Sedentary Work Exerting up to 10 pounds (4.5 kg) of force occasionally and/or a negligible amount of force frequently or constantly to lift, carry, push, pull, or otherwise move objects, including the human body. Sedentary work involves sitting most of the time, but may involve walking or standing for brief periods of time. Jobs are sedentary if walking and standing are required only occasionally and other sedentary criteria are met.

Light Work Exerting up to 20 pounds (9.1 kg) of force occasionally and/or up to 10 pounds (4.5 kg) of force frequently, and/or negligible amount of force constantly to move objects. Physical demand requirements are in excess of those for Sedentary Work. Light Work usually requires walking or standing to a significant degree. However, if the use of the arm and/or leg controls requires exertion of forces greater than that for Sedentary Work and the worker sits most the time, the job is rated Light Work.

Medium Work Exerting up to 50 (22.7 kg) pounds of force occasionally, and/or up to 25 pounds (11.3 kg) of force frequently, and/or up to 10 pounds (4.5 kg) of forces constantly to move objects.

Heavy Work Exerting up to 100 pounds (45.4 kg) of force occasionally, and/or up to 50 pounds (22.7 kg) of force frequently, and/or in excess of 20 pounds (9.1 kg) of force constantly to move objects.

Very Heavy Work Exerting in excess of 100 pounds (45.4 kg) of force occasionally, and/or in excess of 50 pounds (22.7 kg) of force frequently, and/or in excess of 20 pounds (9.1 kg) of force constantly to move objects.

Job Classification

In most duration tables, five job classifications are displayed. These job classifications are based on the amount of physical effort required to perform the work. The classifications correspond to the Strength Factor classifications described in the United States Department of Labor's Dictionary of Occupational Titles. The following definitions are quoted directly from that publication.

Sedentary Work Exerting up to 10 pounds (4.5 kg) of force occasionally and/or a negligible amount of force frequently or constantly to lift, carry, push, pull, or otherwise move objects, including the human body. Sedentary work involves sitting most of the time, but may involve walking or standing for brief periods of time. Jobs are sedentary if walking and standing are required only occasionally and other sedentary criteria are met.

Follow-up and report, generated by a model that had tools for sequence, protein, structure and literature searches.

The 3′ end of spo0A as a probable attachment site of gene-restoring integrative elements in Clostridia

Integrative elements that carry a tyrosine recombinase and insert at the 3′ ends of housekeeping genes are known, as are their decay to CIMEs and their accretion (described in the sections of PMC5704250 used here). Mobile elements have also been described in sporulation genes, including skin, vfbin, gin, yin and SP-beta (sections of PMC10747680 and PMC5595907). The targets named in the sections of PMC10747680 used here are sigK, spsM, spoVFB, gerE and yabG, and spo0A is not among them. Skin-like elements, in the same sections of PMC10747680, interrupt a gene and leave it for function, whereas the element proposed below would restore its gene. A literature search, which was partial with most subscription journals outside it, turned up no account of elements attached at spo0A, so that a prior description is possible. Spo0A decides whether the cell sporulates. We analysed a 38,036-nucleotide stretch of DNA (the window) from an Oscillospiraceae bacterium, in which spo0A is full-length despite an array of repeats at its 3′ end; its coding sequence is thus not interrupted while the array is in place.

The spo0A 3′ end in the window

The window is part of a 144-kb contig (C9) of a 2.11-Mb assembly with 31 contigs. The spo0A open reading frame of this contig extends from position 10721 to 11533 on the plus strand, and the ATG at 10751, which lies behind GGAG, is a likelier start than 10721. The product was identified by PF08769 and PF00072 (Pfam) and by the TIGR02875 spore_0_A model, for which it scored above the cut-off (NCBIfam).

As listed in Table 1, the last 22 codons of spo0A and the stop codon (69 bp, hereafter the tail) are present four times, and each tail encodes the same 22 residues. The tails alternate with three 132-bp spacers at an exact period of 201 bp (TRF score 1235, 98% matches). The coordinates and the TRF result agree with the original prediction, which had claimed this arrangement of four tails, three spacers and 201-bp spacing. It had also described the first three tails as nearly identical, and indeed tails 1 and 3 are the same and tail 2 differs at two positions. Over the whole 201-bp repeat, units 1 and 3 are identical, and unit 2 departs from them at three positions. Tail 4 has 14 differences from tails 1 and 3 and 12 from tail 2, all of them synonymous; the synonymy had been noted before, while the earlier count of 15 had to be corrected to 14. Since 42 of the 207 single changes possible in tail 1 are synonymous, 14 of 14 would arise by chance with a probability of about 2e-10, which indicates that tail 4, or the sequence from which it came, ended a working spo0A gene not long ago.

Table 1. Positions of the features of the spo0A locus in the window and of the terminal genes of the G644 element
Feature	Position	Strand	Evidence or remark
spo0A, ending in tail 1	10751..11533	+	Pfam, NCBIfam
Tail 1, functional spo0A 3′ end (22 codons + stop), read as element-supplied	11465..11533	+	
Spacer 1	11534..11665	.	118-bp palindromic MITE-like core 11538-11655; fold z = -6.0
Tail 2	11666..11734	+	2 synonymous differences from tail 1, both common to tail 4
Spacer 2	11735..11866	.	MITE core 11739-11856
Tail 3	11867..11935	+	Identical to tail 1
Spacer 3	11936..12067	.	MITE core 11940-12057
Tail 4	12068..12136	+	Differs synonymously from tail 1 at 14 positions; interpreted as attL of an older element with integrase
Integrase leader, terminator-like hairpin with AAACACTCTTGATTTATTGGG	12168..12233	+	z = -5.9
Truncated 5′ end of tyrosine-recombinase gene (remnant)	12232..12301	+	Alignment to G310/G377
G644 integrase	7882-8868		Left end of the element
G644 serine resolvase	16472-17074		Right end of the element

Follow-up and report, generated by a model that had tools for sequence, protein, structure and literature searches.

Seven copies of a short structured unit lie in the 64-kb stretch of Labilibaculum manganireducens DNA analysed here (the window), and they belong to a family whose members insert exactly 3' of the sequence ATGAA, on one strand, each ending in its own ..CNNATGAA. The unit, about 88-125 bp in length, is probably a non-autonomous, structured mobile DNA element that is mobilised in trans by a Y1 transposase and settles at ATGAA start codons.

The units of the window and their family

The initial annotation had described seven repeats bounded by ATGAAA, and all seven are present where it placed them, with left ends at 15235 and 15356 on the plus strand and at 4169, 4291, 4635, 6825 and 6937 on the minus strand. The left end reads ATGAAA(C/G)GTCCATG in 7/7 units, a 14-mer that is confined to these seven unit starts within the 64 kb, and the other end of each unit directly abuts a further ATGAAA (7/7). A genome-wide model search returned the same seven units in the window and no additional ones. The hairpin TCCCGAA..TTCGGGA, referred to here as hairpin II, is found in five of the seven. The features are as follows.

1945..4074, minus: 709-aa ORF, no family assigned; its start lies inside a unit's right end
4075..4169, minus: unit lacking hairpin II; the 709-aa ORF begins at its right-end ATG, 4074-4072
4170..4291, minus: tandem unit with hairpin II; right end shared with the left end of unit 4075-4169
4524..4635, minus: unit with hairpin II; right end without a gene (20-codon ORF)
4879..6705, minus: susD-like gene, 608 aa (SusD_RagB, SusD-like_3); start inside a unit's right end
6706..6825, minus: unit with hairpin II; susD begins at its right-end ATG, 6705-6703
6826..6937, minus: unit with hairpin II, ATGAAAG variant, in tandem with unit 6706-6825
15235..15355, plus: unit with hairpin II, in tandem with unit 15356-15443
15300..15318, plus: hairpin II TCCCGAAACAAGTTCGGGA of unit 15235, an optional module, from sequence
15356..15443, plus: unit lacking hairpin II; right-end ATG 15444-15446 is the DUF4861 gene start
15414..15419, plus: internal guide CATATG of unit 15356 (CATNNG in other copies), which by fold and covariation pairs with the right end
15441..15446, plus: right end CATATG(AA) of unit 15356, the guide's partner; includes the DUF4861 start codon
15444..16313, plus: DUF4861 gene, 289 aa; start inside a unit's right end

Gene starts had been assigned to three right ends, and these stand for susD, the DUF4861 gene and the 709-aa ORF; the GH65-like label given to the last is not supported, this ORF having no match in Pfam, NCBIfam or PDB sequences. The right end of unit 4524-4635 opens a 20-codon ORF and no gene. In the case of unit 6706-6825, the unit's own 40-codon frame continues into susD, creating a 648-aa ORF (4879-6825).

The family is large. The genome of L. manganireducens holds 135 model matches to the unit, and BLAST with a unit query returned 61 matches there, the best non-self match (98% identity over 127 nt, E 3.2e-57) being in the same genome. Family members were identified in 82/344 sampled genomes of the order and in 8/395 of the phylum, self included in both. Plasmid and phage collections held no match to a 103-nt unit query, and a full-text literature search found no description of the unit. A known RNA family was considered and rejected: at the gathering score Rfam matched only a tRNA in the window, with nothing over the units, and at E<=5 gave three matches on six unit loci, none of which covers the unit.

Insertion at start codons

Light Work Exerting up to 20 pounds (9.1 kg) of force occasionally and/or up to 10 pounds (4.5 kg) of force frequently, and/or negligible amount of force constantly to move objects. Physical demand requirements are in excess of those for Sedentary Work. Light Work usually requires walking or standing to a significant degree. However, if the use of the arm and/or leg controls requires exertion of forces greater than that for Sedentary Work and the worker sits most the time, the job is rated Light Work.

Medium Work Exerting up to 50 (22.7 kg) pounds of force occasionally, and/or up to 25 pounds (11.3 kg) of force frequently, and/or up to 10 pounds (4.5 kg) of forces constantly to move objects.

Heavy Work Exerting up to 100 pounds (45.4 kg) of force occasionally, and/or up to 50 pounds (22.7 kg) of force frequently, and/or in excess of 20 pounds (9.1 kg) of force constantly to move objects.

Very Heavy Work Exerting in excess of 100 pounds (45.4 kg) of force occasionally, and/or in excess of 50 pounds (22.7 kg) of force frequently, and/or in excess of 20 pounds (9.1 kg) of force constantly to move objects.

Keloid


Related Terms

  • Hypertrophic Scar

Differential Diagnosis

  • Hypertrophic scars
  • Lobomycosis

Specialists

  • Dermatologist
  • Family Physician
  • Plastic Surgeon

Comorbid Conditions

Factors Influencing Duration

There are no factors influencing length of disability.

Medical Codes

ICD-9-CM:
701.4 - Keloid Scar; Cheloid; Hypertrophic Scar

Overview

A keloid is a raised, hard, thick, itchy scar on the skin secondary to abnormal proliferation of connective tissue.

A keloid occurs when the scar tissue response is out of proportion to the amount needed for normal repair and healing. Because of a defective healing process, excess collagen forms at the site of a healing injury or surgical incision. Keloids may continue to enlarge over time and become unsightly. Most eventually flatten out and stop itching.

Although keloids can occur anywhere on the body, the most common sites are the chest, upper back, and shoulder muscle (deltoid) areas. Keloids can also develop at the site of acne pustules. Although they generally occur secondary to a wound, keloids may arise spontaneously. There is a genetic tendency to form keloids; dominant and recessive inheritance patterns have been described. Keloids must be differentiated from a related condition called "hypertrophic scar." While a hypertrophic scar is a thick scar that remains within the borders of a wound, the keloid extends over the skin beyond the original wound borders in a claw-like growth pattern; however, it almost never extends into subcutaneous tissue. In the past, keloids and hypertrophic scars were considered as a part of a spectrum. Now there is a tendency to consider them as separate entities.

Source: Medical Disability Advisor






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